One option is to run a straight line to a gray water catch with a clean out trap. But we just keep a bucket under the sink and carry it add dish pans to the list of things needed and a large pot to heat water in for bathing and cleaning; use a separate pot/old canner then something you otherwise, won't need to clean it out after use for cooking when hot water is needed. Also consider you will be using alot more bleach and cleaners than you normally do when cleaning with a limited supply of heated water.

And what would we do without our kitchen "trinkets". Flour shifters, pastry blenders, wisks, candy thermometers, stove top coffee percelator, potatoe mashers, pastry brushes (get small paint brushes...cheaper), graters, strainers and collinders, tongs for canning jars, and assorted brushes for cleaning canning jars. Cheap plastic placemats make excellant cutting boards/butchering surfaces/bread kneading...easier to clean than wood with "heated" cleaning water and disposable when used up.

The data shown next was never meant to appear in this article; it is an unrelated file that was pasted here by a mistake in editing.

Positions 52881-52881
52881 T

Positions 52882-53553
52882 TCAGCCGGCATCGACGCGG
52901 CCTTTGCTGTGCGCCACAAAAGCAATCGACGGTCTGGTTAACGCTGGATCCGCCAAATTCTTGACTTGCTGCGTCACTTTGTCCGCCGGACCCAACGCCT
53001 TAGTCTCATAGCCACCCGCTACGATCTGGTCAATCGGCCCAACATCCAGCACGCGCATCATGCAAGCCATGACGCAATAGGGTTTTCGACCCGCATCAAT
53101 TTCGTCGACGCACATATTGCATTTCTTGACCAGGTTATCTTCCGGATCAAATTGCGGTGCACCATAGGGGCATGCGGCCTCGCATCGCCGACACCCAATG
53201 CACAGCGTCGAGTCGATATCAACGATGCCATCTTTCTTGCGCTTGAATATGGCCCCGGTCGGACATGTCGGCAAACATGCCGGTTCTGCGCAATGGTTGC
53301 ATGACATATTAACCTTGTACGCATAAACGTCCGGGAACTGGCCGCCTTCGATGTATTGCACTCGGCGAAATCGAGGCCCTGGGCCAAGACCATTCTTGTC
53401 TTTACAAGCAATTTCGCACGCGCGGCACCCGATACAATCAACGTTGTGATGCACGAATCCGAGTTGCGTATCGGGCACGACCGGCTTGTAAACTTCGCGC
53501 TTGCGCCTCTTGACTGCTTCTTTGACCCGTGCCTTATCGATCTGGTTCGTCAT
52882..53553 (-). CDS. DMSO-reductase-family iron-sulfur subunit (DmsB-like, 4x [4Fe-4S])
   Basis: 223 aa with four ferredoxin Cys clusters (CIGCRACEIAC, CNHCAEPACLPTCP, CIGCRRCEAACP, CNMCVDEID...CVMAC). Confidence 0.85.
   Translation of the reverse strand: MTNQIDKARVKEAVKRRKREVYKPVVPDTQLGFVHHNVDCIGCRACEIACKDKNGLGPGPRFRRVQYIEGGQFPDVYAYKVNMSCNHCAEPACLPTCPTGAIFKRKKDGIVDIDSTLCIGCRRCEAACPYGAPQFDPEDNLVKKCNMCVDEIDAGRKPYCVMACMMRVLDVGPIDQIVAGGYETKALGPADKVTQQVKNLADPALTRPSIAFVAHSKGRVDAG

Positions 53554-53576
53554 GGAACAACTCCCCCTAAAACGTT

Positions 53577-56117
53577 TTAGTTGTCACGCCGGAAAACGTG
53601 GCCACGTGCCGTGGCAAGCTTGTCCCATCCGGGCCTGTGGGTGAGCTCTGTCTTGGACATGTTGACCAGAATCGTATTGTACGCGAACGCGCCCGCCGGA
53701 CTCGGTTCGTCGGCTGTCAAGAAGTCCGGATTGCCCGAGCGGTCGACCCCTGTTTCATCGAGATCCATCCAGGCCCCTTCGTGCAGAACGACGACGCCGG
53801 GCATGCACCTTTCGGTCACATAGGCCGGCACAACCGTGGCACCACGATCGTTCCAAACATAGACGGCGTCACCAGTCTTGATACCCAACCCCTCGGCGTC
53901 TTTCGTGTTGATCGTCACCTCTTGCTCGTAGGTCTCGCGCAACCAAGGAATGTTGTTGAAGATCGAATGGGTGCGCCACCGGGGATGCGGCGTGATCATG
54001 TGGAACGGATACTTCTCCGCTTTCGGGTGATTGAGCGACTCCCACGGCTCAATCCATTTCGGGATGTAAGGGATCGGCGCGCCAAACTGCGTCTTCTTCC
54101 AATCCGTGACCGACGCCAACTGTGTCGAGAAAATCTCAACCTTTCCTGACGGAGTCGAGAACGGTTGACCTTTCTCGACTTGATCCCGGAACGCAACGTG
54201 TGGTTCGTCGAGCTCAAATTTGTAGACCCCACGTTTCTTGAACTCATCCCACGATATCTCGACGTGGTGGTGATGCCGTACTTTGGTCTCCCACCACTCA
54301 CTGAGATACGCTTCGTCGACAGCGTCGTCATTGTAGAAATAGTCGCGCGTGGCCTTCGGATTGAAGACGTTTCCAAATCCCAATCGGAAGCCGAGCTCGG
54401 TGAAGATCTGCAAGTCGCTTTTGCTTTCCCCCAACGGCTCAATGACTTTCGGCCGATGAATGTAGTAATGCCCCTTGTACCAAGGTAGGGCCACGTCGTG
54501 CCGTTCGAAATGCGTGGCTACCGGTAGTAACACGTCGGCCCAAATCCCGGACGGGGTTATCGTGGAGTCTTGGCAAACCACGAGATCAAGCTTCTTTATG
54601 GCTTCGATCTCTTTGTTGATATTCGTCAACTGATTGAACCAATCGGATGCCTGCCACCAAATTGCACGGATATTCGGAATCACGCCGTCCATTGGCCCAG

I think the most important item for home production is a good selection of quality knives and butchering equipment. I use the same knives and stainless pans my mother used years ago. Quality pays off in the long run.

Just some thoughts I had...

-- Lilly (, June 03, 1999.

Taz: I second (or is it third or fourth, etc?) the motion. Thanks for continuing to point us to preps.

Lessee: Things I use to raise my own food: hoe, file to sharpen said hoe, shovel, pitchfork, compost bins, trowel, gloves.

Things I use to process my own foods: pressure canner (weighted gauge with rubber gasket), water bath canner, tongs to lift boiling jars from canner, wide mouth funnel, large strainer, colander, _large_ Tupperware containers.

Things I couldn't do without: trowel, tongs, funnel, and strainer.

Thanks again, Linda

-- newbiebutnodummy (, June 03, 1999.

Moderation questions? read the FAQ